|Submitter:||Themiya Nanayakkara (Leiden University)|
|Description:|| In the quest to study early star-formation physics in the universe, one of the most sought after tracers is HeIIλ1640, with its presence in the lack of other metal emission/absorption lines generally being interpreted as evidence for metal-poor stellar populations. HeIIλ1640 ionizing photons are produced via sources of hard ionizing radiation and requires photons with energies >=54.4eV. |
Though many ionizing sources have been suggested, stellar population models are still unable to accurately predict the HeIIλ1640 features while being consistent with other observed emission line diagnostics.
The development of sensitive multiplex instruments such as MUSE in the VLT has allowed us to obtain deep rest-UV spectroscopy of galaxies at z~2-4 to build up samples of HeIIλ1640 emitters at cosmic noon, where galaxies are rapidly forming stars and evolving to build up most of the observed baryonic mass in the Universe. In our quest to understand the ISM of galaxies at z=2-4 via rest-UV emission lines, we have obtained the largest sample of HeIIλ1640 emitters at high-redshift. By using the deep state-of-the-art data from several MUSE GTO surveys, I will present results from the first study of the ISM of individual HeIIλ1640 emitters at these redshifts.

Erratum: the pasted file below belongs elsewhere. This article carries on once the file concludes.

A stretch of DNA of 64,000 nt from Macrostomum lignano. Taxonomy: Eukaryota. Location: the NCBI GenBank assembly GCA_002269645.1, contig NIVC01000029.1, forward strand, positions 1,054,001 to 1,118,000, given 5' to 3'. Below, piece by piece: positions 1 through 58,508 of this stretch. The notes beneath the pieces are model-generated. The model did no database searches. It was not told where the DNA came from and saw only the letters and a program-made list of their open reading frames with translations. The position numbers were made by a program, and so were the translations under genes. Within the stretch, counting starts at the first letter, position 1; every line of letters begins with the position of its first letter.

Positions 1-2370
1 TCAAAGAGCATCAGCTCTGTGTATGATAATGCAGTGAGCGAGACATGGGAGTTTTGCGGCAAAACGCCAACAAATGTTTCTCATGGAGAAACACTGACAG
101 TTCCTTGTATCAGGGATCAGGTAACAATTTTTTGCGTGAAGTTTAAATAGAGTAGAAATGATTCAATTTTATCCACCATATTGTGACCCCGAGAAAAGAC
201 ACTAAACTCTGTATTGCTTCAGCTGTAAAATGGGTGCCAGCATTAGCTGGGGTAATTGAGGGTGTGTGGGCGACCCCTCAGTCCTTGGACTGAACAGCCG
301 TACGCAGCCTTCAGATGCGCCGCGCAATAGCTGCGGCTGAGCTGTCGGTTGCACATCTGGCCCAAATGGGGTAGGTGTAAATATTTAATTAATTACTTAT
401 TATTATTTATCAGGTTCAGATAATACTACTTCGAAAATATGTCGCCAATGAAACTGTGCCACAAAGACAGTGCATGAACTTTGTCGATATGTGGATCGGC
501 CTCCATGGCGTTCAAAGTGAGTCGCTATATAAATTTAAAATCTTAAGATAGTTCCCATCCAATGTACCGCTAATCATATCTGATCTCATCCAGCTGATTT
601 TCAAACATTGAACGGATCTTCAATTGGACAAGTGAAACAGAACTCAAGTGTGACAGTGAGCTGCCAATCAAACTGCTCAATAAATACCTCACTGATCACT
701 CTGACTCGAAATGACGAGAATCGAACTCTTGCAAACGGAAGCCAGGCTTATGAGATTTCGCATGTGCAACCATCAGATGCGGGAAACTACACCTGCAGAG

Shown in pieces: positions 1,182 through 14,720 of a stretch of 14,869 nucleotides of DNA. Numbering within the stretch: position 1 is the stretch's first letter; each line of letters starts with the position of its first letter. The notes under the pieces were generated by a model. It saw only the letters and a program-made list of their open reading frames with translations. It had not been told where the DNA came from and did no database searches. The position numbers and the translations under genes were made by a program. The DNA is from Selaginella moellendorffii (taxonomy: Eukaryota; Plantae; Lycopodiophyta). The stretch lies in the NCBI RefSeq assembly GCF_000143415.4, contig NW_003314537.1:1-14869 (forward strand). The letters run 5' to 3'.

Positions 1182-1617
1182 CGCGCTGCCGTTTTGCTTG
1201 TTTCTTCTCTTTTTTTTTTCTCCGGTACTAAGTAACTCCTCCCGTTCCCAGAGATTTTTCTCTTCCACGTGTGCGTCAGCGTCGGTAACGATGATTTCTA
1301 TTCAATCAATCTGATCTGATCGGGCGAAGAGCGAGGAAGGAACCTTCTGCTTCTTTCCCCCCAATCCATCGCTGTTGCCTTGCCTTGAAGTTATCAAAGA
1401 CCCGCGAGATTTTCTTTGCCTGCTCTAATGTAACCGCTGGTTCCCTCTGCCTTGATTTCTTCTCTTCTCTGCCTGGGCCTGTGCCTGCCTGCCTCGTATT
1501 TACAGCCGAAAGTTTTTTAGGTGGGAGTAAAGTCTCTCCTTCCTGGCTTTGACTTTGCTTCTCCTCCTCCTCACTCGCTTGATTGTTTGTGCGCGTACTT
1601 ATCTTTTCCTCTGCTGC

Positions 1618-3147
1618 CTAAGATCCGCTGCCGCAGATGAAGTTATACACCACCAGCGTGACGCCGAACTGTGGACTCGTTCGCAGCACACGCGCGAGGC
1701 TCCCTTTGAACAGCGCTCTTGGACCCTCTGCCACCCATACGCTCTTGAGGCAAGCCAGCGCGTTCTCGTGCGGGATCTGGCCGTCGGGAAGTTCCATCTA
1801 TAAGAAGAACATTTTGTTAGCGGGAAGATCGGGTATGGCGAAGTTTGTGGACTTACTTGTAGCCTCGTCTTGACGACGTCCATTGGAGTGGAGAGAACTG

I will discuss the role of dust and binaries in stellar populations and photo-ionisation modelling and link to how we can use observed correlations between observed and modelled spectra to understand mechanisms of HeII production in the early universe. I will also provide and outlook for what we expect in the era of future extra deep MUSE GTO surveys and JWST.